Mad Men – 4×02: Kissing Santa Claus…

Courtesy of AMC

It’s back! Every reason to love Mad Men is back! Don’t you just love that feeling early on in the season of a rare and brilliant show like this one when you feel like you’re living inside a character’s new drama (which is really just a more intense version of something old anyway)? That’s how I felt last night with nearly every single one of the characters on screen. After the season premier last week, I said I was a bit disappointed that they only focused on Don, the new Draper/Francis household, and somewhat on Peggy, but that I figured it was probably for the best. Watching last night’s episode validated this assumption because by the second week they’ve delved just a little more into each character simply by showing us their faces. Sure, all we got from characters like Lane and Joan were a line about his family back in London, and Joanie asserting how off-limits she is, but I can already taste the inner turmoil! Of course, all that really means is that I’m left with that kind-of-cool/kind-of-creepy feeling of: wait but what did they say again? Haha. Oh well, I must enjoy being tortured. Don could relate.

Don Draper and The Girls
“I’ve taken advantage of your kindness.”
Aside from my elation in getting some supporting character time, I was almost equally as glad for the relative lack of Don last night because, honestly, it was too painful to bare. I couldn’t believe the drunken state in which he was coming home every night. Or how about the lack of communication with his children except through that depressing Christmas letter? Most painful to watch, however, were his interactions with women. Instead of using Peggy as the go-to ballsy-girl in this episode, we were introduced to several women with whom Don has very revealing yet borderline-pathetic interactions.

We had begun to notice a significant change in the 1964 woman last week when Don’s date discusses politics with him at dinner, reveals aspirations and pursuit of a career, and then refuses to let him “walk her up”. Oh, and of course we saw the oddly masochistic moment with the hooker he hires to ride him and slap him. This week, the trend of women demolishing Don’s dignity continued.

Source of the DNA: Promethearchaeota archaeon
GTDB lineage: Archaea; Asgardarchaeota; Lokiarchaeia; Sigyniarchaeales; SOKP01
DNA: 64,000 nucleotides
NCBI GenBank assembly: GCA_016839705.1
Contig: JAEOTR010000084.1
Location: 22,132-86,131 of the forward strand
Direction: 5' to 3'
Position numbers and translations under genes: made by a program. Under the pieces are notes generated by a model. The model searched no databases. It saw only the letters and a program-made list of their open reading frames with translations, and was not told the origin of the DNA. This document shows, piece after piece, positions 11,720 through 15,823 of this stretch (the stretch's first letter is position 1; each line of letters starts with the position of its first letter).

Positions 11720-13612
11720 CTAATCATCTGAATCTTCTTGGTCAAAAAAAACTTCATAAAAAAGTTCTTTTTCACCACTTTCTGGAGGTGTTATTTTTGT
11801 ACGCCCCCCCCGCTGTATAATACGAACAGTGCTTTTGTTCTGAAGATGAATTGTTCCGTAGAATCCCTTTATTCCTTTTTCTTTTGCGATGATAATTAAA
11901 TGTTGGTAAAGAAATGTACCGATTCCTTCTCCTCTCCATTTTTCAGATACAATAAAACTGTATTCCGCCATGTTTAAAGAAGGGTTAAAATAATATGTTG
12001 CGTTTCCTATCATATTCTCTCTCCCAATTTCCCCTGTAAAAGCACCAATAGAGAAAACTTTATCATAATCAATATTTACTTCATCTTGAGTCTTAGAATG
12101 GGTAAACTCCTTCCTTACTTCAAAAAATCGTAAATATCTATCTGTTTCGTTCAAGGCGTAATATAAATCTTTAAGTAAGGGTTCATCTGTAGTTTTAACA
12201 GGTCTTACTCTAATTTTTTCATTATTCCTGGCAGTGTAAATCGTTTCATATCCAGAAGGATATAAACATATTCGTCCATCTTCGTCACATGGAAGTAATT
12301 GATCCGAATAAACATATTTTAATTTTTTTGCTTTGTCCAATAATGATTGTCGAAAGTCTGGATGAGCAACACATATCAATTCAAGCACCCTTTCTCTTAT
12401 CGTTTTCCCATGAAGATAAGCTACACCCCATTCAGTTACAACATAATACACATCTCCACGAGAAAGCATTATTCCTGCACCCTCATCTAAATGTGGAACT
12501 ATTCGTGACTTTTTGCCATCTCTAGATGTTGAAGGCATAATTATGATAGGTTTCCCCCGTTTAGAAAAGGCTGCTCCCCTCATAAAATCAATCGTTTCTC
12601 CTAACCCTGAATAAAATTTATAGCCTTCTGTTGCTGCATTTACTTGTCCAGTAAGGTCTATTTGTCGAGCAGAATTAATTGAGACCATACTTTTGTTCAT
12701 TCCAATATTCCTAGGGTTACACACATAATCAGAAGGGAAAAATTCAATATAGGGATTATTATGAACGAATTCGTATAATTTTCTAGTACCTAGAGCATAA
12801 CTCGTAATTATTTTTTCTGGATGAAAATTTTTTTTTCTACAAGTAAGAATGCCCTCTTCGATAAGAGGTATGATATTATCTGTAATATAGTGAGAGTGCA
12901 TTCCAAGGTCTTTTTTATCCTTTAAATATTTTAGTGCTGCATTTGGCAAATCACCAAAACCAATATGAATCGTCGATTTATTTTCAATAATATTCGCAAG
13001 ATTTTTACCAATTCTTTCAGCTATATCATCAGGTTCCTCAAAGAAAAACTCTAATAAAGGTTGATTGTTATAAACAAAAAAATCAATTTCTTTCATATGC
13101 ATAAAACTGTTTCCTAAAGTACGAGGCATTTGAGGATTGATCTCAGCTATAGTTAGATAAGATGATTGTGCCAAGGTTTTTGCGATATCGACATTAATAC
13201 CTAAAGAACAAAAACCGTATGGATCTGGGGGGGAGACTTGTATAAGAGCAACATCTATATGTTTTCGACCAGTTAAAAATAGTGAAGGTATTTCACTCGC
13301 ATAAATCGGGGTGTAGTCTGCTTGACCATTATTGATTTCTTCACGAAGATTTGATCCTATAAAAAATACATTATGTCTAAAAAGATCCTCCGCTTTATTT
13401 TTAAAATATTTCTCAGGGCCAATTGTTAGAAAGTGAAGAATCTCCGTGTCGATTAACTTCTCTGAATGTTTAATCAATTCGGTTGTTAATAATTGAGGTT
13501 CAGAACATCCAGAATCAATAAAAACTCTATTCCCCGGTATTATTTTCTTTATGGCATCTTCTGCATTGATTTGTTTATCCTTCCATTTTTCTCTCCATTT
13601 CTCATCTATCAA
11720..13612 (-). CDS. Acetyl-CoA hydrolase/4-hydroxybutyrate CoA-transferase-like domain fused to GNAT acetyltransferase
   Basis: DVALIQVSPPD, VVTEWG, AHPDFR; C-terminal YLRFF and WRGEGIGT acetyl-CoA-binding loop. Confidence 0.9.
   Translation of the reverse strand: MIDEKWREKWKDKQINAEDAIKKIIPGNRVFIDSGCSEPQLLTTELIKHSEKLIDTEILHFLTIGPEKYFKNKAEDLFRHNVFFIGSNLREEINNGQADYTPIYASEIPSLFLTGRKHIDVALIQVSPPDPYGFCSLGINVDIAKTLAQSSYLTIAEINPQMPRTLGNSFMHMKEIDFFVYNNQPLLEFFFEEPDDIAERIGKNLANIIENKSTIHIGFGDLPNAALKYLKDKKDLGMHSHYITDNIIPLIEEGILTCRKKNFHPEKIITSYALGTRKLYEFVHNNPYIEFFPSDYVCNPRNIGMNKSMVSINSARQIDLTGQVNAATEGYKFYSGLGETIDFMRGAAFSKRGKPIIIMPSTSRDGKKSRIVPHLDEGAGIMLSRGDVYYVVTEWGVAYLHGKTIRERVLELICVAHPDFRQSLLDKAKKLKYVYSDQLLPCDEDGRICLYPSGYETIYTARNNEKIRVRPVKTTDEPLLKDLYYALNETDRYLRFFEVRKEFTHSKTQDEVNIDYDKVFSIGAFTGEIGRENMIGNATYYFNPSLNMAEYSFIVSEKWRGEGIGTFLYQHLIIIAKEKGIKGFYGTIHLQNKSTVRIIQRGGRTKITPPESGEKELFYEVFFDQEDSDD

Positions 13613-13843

First, there was the assertive yet sweet neighbor nurse, Pheobe, who called Don out on his routine drunkenness, grunting, and his bullshit claim “not to have noticed [her] before.” She helps him into bed only to get improperly groped by him and simply leaves the room the same way she came in, much to his drunken disappointment. How sad was that line: “my father was a drunk, too“?

Then we meet Miss Ponds Cream Sales Pitch, Faye: “the carefree girl in white pants.” She too calls Don out on his increasingly more obvious personal issues, this time on being “a type” (and not a very flattering one at that) who’ll remarry within the year. Plus, she doesn’t flirt with him in the least, which surprises Don. But do you think she was right? Will Don be married within the year? I can’t picture it. I truly can’t imagine that he would be stupid enough to marry someone again before figuring himself out first. Do you?

Finally, Don’s failed sexual advances culminate when long-time secretary, Allison, whom he’s known since their days at Sterling Cooper, willingly and innocently cares for him after another drunken night (this man needs a mother, not a girlfriend!). Just like Pheobe, she gets the inebriated groping treatment. From the beginning of the episode I thought the way Allison treated Don was strikingly informal in comparison to earlier seasons. There was no “Mr. Draper” once in their conversation as she reads Sally’s letter, for example. Also, the familiar way in which she said “Hi. Good time? Bad time?” before she entered the office, and the warm smiles they gave one another, caught my attention. I didn’t think of any of this as flirtatious but, it struck me as odd only in a relative sense, considering the much more structured male-female interactions we’ve been used to seeing on the show. Even still, by the time he drunkenly pulls her down into his lap in the final act, I was sure she’d politely squirm her way to the door and go, thus continuing the rejection theme of the episode. I couldn’t believe what I was watching! That’s his secretary! WHAT ARE YOU DOING, DON? I had to pause. Take a breather. After I’d had my moment and I’d uncovered my eyes, I pressed play again, and then I saw her reaction: who am I kidding? There are a very limited amount of women on the planet who would actually turn this man down. Sure he’s a drunken divorceé but, goddammit, he’s Don Draper! Certainly women are changing, and he’s met quite a few of them as of late, but not all of them are, and I’m glad they gave us that. But sleeping with a co-worker? Don Draper is hitting new lows.